After 2003's mildly diverting but dumb third installment in the Terminator franchise 'Rise of the Machines' failed to match the box office success of its predecessor, it seemed that the franchise that made Arnold Schwarzenneger a household name was dead and buried. However, despite the recent cancellation of spin-off TV series 'The Sarah Connor Chronicles' after two poorly received series', and in an age where rebooting redundant franchises (Batman Begins, Superman Returns) is de rigeur; part 4 has finally hit cinemas, controversially helmed by the director 'McG', best known for lighthearted fluff such as the Charlie's Angels films.
Set in the year 2018, the film stars Christian Bale as a grown-up John Connor beginning his rise to prominence as iconic leader of the resistance. The movie serves as both a sequel and a prequel to the other films, although it's the first in the series to ditch the time-travelling aspect and instead focuses on the actual war mentioned in previous films between the humans and Skynet, the computer programme that enabled machines to rise up and conquer humanity. The film also follows the fortunes of Marcus, a convicted murderer on death-row, who agrees to donate his organs to the shadowy Cyberdine Industries represented by Helena Bonham-Carter. Little does Marcus know the use his body parts will be put to, or the impact that this will have, both on himself and on the whole of humanity.
The film certainly works for me as an all out action movie; its blistering pace rarely lets up throughout and the almost monochromatic picture lends the film a suitably bleak and washed-out feel. Despite its change in tone the movie has several nods to its predecessors, retaining the character of Connor's school friend Kate from T3, (now married to John and expecting his child), and using the miracles of CGI to resurrect another more iconic face.
Christian Bale was perfect for the rather one-dimensional Batman, however he occasionally seems ill at ease as John Connor; particularly bearing in mind the supposedly charismatic figure he is playing, although he is well-suited to the action sequences and generally plays second fiddle to the character of Marcus, who is really the linchpin in this installment. John's father Kyle Reese is also involved, as a freelance resistance fighter who is this film's primary target for the insidious Skynet.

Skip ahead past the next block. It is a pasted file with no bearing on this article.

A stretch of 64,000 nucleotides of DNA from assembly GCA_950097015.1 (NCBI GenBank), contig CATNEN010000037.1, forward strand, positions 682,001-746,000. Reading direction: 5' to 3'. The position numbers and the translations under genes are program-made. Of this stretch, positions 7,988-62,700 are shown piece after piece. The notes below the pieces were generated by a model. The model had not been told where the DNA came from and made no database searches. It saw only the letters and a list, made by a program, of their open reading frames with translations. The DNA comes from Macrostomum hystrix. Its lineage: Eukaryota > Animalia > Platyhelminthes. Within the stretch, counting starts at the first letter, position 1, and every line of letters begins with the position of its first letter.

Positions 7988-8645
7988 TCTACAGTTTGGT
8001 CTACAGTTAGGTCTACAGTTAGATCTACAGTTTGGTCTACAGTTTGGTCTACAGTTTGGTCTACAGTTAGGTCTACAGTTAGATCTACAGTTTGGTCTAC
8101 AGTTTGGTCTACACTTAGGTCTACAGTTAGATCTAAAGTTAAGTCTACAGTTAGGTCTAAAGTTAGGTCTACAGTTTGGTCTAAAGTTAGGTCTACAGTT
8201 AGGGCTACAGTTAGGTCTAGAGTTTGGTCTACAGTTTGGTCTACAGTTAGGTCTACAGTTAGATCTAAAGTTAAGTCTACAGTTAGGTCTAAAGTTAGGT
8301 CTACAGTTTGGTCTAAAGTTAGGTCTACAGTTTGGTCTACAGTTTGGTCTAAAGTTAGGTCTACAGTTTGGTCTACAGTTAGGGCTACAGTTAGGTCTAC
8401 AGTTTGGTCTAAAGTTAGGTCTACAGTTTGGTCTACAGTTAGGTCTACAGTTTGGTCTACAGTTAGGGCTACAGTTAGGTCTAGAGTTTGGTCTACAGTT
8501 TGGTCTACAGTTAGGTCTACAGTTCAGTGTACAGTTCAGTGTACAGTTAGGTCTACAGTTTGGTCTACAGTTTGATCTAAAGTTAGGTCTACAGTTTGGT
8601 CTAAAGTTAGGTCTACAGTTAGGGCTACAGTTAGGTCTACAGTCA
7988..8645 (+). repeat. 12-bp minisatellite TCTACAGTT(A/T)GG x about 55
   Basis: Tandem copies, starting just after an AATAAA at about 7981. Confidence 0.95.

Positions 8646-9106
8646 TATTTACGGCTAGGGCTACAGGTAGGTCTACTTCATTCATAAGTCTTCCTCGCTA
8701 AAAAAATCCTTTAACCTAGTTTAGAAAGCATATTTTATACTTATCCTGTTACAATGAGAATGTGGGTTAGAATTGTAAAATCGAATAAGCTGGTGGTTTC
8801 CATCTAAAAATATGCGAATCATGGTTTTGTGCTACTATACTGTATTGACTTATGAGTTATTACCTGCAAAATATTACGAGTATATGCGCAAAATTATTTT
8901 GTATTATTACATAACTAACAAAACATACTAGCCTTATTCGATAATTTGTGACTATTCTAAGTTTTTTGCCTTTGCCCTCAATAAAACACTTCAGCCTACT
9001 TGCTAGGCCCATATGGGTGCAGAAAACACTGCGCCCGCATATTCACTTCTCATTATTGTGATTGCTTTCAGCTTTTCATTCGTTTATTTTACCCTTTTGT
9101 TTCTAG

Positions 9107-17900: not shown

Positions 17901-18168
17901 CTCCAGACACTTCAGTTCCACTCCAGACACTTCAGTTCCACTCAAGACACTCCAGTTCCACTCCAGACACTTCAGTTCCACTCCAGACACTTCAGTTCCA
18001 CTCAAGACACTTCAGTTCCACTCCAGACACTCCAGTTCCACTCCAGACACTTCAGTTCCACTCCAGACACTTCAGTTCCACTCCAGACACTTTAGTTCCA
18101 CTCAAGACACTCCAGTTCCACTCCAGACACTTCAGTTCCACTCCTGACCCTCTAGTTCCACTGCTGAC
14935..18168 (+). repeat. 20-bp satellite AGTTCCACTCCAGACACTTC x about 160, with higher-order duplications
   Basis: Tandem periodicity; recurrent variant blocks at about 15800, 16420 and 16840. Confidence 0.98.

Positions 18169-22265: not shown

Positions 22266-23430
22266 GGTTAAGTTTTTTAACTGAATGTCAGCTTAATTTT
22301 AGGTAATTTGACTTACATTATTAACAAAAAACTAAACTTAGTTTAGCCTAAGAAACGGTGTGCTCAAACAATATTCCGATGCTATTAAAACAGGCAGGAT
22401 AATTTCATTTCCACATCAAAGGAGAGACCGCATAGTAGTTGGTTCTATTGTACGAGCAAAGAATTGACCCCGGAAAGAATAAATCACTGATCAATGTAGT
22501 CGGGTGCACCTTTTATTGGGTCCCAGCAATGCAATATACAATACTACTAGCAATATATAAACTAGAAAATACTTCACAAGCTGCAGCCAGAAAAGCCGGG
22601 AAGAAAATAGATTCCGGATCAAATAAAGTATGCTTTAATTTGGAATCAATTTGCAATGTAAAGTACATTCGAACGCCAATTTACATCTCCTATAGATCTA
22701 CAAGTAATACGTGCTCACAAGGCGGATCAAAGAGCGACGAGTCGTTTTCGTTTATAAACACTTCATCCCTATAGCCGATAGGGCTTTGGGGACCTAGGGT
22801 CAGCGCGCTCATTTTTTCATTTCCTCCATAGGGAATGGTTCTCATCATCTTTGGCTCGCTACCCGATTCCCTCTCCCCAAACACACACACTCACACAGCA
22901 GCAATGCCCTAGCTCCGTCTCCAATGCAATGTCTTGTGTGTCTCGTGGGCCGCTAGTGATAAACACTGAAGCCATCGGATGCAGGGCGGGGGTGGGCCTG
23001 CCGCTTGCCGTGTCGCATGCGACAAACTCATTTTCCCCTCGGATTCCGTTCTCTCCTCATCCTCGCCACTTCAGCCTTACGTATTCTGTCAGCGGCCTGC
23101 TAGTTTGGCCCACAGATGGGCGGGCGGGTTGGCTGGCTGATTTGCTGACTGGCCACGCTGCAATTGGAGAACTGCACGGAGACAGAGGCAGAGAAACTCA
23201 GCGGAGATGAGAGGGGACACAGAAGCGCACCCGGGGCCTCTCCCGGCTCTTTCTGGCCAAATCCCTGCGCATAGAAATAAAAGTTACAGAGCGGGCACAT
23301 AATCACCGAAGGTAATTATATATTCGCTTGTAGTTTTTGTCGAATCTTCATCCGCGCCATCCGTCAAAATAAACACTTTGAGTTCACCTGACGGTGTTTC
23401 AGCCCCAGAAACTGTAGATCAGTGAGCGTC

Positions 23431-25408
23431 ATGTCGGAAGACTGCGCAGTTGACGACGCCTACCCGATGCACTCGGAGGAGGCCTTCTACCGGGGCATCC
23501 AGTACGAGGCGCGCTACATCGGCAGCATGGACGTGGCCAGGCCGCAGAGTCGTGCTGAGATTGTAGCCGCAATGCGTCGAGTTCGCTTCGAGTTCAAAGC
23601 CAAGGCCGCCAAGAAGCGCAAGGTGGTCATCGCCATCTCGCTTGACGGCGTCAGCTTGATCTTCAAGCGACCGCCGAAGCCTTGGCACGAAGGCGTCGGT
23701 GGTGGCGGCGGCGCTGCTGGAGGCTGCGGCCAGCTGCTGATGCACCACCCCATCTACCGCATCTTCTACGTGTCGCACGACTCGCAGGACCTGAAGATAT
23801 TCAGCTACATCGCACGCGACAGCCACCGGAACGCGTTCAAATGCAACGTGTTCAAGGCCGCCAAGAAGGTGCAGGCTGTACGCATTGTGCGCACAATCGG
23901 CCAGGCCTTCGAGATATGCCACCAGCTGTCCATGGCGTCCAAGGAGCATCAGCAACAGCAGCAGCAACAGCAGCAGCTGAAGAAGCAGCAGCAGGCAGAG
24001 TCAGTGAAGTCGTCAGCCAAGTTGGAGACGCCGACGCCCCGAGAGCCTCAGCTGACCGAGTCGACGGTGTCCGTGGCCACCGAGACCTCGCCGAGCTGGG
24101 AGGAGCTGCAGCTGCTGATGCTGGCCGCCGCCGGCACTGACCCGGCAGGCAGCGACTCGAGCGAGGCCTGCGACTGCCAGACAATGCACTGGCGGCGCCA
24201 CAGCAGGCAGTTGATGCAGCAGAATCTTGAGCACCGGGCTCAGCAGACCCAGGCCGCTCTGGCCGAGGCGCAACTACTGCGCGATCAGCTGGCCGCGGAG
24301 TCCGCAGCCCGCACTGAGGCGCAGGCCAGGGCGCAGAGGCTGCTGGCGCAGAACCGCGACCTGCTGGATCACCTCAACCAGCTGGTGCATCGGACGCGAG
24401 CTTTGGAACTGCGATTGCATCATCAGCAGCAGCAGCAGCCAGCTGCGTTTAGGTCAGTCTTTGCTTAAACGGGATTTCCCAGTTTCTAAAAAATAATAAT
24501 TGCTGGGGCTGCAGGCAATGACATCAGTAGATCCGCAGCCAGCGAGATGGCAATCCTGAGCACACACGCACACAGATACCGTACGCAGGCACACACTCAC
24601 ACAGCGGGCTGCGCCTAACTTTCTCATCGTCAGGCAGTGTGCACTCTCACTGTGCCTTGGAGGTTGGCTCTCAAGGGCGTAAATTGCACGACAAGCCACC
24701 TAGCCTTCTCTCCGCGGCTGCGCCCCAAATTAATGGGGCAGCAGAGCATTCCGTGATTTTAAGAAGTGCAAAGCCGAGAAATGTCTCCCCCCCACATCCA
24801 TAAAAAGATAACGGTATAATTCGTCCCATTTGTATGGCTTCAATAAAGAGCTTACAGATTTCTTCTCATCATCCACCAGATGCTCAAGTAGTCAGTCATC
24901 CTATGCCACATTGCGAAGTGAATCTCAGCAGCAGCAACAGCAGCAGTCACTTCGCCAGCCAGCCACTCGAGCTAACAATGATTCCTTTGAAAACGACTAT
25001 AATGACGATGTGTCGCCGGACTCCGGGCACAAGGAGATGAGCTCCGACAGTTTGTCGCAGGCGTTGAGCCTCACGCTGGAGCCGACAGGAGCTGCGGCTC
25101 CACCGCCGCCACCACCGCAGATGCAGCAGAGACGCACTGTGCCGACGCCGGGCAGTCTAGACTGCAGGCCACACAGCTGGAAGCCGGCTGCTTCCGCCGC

The design in the film is particularly impressive; especially the sinister T-600 and T-800 Terminators, their iconic death's head features and blazing red eyes are still as chilling as ever. The tone though treads a fine tightrope between gravitas and being too po-faced for its own good, and the complete lack of humour is noticeable at times.
The movie also feels a little too much like it's been made with the Christmas toy market in mind - a host of new Skynet machines that appear during the film include Terminator motorcycles buzzing down wreck-littered highways, Terminator eels swimming in the rivers like mechanical piranha, Terminator robots the size of buildings that pluck humans and drop them in travelling cages, flying Terminator carriers and so on; a whole food chain of robot killers designed to hunt humans and look cool doing it.
Ultimately, Terminator Salvation is an engaging but slightly flat action movie, that despite not having the raw energy and relentless tone of the first Terminator film, nor the wit and character of T2, is very much of its time, and at least acknowledges its heritage without slavishly adhering to it.